Alps murders: Annecy squad to join forces with Surrey Police

 

Paris

The brutal quadruple murder in the Alps is to be probed by a joint Franco-British team which will have sweeping powers to seek cross-border information, as investigators seek new leads after making little progress more than fortnight after the bodies were discovered on a remote mountain track.

In an attempt to speed up what is proving to be a laborious investigation, and in the absence of much progress, France and Britain agreed yesterday to cut through red-tape by implementing a rarely-used EU law. French magistrates and gendarmes will work with Surrey police officers and Crown Prosecution Service officials in a "joint investigation team" – only the second of its kind to be created by France and Britain since the principle was established by EU governments nine years ago.

Earlier this month, three members of a British-Iraqi family, Saad al-Hilli, 50, his wife Iqbal, 47, her 77-year-old mother, and a French cyclist, Sylvain Mollier, 45, were shot dead on a mountain track above Lake Annecy in the French Alps. French investigators admit that, thus far, their inquiries have made little progress. They have been frustrated, among other things, by differences in the British and French judicial systems, which mean that some formal requests for information on the financial and family affairs of Mr al-Hilli have been rejected by the Home Office.

The Joint Investigation Team (JIT), set up yesterday under the EU judicial co-operation policy Eurojust, will make warrants issued by the two French magistrates leading the inquiry valid in Britain. The agreement will apply for the duration of the Annecy murder inquiry only. "It will be as if we are in a single country," the public prosecutor for the Annecy area, Eric Maillaud said yesterday.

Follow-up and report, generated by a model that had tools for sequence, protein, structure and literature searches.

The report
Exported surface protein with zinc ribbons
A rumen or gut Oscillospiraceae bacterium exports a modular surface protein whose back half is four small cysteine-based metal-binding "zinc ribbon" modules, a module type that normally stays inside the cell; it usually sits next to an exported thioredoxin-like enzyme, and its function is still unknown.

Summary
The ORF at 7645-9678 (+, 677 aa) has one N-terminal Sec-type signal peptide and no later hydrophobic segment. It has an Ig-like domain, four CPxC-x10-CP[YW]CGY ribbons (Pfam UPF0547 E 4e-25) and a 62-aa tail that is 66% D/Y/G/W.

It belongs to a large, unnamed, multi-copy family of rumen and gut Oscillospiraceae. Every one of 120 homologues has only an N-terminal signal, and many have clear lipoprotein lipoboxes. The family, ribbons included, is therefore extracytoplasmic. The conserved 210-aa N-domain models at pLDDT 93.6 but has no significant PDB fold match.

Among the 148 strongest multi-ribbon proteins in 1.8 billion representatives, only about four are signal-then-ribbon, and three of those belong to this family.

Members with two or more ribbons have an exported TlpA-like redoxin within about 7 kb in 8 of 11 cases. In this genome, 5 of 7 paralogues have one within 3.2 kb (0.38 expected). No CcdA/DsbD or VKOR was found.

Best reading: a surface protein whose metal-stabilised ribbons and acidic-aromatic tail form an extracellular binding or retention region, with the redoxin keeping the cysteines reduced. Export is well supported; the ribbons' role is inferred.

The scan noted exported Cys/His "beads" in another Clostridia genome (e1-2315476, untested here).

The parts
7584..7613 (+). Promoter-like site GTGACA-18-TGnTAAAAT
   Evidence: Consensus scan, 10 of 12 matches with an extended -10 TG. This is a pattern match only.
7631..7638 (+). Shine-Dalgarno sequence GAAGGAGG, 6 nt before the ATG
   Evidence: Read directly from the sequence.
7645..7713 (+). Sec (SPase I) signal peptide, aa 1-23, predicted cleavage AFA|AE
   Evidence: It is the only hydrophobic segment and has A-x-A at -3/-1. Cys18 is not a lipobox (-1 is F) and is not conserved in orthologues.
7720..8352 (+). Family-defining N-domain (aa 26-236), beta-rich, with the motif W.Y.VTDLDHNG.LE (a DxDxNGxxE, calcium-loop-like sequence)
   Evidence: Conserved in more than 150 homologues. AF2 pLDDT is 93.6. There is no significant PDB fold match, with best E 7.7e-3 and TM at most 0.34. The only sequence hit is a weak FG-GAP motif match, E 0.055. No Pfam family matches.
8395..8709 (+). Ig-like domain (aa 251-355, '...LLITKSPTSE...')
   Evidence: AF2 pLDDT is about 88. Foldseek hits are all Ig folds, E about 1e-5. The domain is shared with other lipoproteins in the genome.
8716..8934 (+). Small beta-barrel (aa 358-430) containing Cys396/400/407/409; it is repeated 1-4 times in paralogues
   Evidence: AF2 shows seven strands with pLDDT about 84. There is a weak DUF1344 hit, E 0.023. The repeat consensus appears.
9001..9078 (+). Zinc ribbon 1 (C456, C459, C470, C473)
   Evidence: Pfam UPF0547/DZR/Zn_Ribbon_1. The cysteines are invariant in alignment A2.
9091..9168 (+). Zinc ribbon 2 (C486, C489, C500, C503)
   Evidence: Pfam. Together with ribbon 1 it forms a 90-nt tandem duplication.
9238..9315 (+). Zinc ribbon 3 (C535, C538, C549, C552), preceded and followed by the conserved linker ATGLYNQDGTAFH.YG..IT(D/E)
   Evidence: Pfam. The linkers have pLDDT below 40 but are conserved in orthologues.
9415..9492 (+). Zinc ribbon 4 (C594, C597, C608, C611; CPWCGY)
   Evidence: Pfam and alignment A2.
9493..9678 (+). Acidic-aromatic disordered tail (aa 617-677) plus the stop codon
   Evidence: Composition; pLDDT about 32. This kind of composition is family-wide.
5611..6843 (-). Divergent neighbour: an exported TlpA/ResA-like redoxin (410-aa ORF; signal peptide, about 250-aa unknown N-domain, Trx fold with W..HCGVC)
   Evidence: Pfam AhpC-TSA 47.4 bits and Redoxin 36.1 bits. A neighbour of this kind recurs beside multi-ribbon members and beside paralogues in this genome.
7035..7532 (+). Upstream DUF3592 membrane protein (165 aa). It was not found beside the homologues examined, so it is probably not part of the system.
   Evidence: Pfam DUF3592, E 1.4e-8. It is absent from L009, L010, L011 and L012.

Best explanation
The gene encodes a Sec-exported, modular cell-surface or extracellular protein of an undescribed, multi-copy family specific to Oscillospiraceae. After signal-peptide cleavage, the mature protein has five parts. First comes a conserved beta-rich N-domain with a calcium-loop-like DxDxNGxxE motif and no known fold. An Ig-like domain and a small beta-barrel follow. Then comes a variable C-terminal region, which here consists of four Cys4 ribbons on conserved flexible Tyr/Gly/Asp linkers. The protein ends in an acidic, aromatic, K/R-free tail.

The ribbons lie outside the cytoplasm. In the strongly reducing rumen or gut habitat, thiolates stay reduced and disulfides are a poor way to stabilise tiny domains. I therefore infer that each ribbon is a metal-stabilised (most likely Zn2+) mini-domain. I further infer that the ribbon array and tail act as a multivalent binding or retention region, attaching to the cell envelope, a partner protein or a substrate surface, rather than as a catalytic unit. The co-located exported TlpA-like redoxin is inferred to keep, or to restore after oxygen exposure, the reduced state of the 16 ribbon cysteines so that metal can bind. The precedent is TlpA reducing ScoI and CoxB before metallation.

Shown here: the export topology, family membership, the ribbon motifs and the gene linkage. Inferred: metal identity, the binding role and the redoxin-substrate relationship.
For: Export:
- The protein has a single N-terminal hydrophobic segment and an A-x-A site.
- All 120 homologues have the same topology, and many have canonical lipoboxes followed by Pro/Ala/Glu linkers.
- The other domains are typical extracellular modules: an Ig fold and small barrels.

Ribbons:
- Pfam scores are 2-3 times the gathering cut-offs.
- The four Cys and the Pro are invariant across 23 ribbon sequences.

The joint team will be led by the two French investigating magistrates who have been heading up the murder inquiry in France. Under the French criminal justice system, investigating magistrates have independent powers to search premises or demand access to bank accounts or documents. In Britain search warrants have to be approved by the courts.

The setting up of a JIT suggests a strong belief that the case will be solved in Britain, not France. But sources in the French inquiry admit they have made little progress in establishing a motive for a targeted attack on the al-Hilli family. Separately, a local French newspaper reported this week that Mr al-Hilli was attempting to sell an ancient property that he owned in Saint-Macaire near Bordeaux.

A week ago, the prosecutor, Mr Maillaud, said there were three principle lines of inquiry: a family quarrel over money; some link with Mr al-Hilli's work as an aerospace engineer; or the family's "Iraqi origins". French investigators have been trying to pursue the third line of inquiry but say they are receiving no co-operation from Baghdad.

One other possibility – that the murderer wanted to kill the French cyclist and the British family got in the way – has been all but dismissed by the French investigators. However, the possibility of a random attack by a deranged, local person has not been completely excluded.

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